Wednesday, March 9, 2011

Irony: Oops! Edition

In an article decrying a ranking system that puts Roger Federer #7 all-time, Bruce Jenkins writes:
Unfortunately for Mr. Radicchi, his findings come off as the tennis equivalent of statistical claims that Derek Jeter is a lousy shortstop, or that Kobe Bryant is a poor shooter in the clutch. You gotta be kidding, in other words.
Many analysts--maybe even most!--would claim exactly that. Look, Kobe's crunch-time record is inflated and any serious analysis can't come to any other conclusion:
In the final 24 seconds of playoff games, Bryant has racked up almost as many air balls as makes, making just below 30 percent of game-tying or go-ahead shots. He hasn't hit such a shot in a playoff game, in fact, since 2008, including key misses in the closing moments against the Jazz and Magic in 2009, and the Thunder and Suns last spring. He made one of his four shots in the fourth quarter of Game 7 of last year's Finals.
ESPN Stats & Information's Alok Pattani dug through 15 years of NBA data... -- Bryant's entire career, regular season and playoffs -- and found that Bryant has attempted 115 shots in the final 24 seconds of a game in which the Lakers were tied or trailed by two or fewer points. He connected on 36, and missed 79 times.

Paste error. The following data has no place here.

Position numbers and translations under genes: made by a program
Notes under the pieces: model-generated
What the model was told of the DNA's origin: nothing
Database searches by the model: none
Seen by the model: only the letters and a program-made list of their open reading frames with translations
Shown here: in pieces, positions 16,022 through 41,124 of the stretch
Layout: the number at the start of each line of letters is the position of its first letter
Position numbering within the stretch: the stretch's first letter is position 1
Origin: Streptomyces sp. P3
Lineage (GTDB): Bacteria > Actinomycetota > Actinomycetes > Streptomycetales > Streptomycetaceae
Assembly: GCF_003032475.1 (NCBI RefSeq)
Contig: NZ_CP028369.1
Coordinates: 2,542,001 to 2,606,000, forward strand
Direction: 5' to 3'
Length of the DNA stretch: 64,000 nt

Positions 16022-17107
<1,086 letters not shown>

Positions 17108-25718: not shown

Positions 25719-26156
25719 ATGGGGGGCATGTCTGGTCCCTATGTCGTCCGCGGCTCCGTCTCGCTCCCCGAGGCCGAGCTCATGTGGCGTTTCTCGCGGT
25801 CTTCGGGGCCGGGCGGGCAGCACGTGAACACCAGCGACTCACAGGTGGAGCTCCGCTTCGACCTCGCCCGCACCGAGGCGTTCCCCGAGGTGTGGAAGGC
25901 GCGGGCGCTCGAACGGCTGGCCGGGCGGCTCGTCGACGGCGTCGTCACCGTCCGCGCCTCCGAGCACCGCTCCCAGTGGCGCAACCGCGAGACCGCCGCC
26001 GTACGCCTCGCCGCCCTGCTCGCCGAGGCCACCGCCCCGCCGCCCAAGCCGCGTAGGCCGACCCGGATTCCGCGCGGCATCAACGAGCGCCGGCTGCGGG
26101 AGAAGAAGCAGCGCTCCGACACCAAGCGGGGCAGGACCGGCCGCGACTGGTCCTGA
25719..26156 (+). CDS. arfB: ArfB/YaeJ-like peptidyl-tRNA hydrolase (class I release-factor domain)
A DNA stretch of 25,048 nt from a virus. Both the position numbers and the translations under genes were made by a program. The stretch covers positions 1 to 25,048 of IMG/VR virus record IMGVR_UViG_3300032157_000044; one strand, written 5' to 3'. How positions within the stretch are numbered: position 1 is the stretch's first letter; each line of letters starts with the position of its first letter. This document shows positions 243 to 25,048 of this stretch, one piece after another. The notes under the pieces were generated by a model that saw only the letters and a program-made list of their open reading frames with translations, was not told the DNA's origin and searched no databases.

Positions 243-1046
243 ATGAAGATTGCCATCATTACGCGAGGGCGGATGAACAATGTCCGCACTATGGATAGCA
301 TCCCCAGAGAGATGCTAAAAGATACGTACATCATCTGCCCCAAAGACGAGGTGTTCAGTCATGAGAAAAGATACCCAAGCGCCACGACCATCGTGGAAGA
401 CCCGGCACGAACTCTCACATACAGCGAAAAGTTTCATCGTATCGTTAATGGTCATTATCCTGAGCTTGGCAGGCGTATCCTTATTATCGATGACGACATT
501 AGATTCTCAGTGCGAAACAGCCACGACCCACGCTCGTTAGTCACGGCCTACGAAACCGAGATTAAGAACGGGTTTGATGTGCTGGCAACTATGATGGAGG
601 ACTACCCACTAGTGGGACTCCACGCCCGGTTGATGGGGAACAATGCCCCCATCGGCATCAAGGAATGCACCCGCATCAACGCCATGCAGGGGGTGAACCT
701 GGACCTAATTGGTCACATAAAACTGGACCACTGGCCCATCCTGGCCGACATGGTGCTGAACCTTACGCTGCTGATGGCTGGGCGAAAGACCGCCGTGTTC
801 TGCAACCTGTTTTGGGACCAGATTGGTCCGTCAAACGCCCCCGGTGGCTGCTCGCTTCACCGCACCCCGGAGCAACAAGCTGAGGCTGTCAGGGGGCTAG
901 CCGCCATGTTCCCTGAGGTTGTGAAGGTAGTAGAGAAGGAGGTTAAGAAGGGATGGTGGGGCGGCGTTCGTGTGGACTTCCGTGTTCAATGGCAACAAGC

And baseball people will tell you that Derek Jeter is not such a great hitter and has often been a terrible fielder. While I'm not particularly familiar with baseball statistics, and I can't vouch for the veracity of the system, this is what many people who look at statistics believe.

The knock on sportswriters from statistically-oriented people is that they pump out lazy cliches without thought or analysis. It's ironic that in denigrating someone's effort, Bruce Jenkins unwittingly confirms that exact stereotype. He picks famous players, with great reputations. Well, where'd they get that fame and that great reputation? Largely from other sportswriters. Jenkins' work as a sportswriter is based on other people's work as sportswriters, and so on in a self-referential loop, without any reference to any outside performance measurement. Can it be too much to ask for more? If Bruce Jenkins is any guide, perhaps not.

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